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Sunday, 9 November 2008

Remembrance Sunday - a poppy is only the beginning

In the cold drizzle at the war memorial in Westbury on Trym, I laid a wreath this morning.

I think Remembrance Sunday is one of the most sobering and significant days of the year. My granddad fought in the second world war and was awarded the Military Cross for bravery. Unthinkable numbers like him died in performing extraordinary acts of bravery and sacrifice.

Sometimes I worry that the easy wearing of a poppy (costs around a pound or so, depending on how generous you feel) can become a substitute for thinking hard about what it, and the day, actually signifies.

It signifies remembrance for those who gave their lives so we can enjoy the life we live today. It signifies recognition of a generation who lived and fought in their own various ways through two bloody world wars not so very long ago. And it signifies remembrance and respect for our armed forces fighting today, and those lost in recent conflicts.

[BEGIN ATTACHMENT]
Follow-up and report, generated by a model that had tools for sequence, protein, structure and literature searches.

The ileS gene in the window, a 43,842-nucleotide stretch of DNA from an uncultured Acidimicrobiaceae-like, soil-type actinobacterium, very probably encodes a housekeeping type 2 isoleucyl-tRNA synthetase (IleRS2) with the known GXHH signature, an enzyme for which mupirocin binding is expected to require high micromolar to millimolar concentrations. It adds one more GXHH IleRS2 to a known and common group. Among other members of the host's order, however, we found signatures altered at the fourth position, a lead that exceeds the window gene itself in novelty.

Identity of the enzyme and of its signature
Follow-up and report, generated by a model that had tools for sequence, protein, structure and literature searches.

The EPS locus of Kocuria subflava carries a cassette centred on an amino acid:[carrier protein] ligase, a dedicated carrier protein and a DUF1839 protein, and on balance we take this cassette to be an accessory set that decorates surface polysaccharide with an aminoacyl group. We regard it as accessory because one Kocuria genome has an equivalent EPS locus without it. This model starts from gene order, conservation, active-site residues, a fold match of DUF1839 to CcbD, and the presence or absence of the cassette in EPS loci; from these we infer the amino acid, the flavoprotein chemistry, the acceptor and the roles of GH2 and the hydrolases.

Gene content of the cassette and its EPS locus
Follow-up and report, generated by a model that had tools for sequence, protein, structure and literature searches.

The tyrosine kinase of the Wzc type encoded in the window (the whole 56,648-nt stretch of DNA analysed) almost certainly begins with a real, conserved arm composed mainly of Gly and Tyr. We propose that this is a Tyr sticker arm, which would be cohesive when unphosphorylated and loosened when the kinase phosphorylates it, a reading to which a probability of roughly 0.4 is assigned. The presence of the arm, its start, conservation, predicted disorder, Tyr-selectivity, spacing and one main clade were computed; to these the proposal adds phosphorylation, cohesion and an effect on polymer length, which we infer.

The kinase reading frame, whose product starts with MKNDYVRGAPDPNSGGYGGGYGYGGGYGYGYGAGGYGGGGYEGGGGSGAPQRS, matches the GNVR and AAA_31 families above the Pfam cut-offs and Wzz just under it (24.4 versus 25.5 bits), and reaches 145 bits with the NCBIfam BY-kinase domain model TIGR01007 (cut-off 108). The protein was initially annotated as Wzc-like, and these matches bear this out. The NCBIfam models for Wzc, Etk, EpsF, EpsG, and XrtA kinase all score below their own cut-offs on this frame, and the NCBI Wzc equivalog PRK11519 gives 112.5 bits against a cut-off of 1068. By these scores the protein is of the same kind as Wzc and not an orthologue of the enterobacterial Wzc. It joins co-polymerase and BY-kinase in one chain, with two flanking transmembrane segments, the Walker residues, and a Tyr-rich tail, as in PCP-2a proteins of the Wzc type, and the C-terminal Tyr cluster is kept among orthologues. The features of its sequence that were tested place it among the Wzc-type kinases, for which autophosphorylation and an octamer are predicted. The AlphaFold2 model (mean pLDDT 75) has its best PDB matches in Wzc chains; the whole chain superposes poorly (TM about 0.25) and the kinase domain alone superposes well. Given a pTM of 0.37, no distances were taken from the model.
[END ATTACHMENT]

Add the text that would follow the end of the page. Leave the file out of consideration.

But as we nationally stand round our war memorials, wearing poppies and listening to Elgar's Nimrod or the the last post , our armed forces are struggling in Iraq and Afghanistan with out-of-date equipment, inadequate investment and insufficiently protected vehicles.

At home, pensioners, some of whom lived and fought through the second world war, are living on the breadline or below, with their pension funds robbed by Gordon Brown, and now struggling with interest rate cuts and fuel heating bills. Old people who survived the blitz will be struggling to live through the credit crunch.

Equipping our armed forces for the conflict to which the Government has committed them and supporting our elderly and giving them the recognition they deserve for seeing this country through its darkest hours are the true emblems of remembrance for our war dead.

If we are not prepared to protect our armed forces by providing them with proper equipment, and if we are not prepared to protect and look after our elderly and veterans today - by providing residential wardens where they are needed, and ensuring that 'independence' does not simply mean 'on your own', - wearing a poppy is little more than simply sticking a red bit of card on the lapel.

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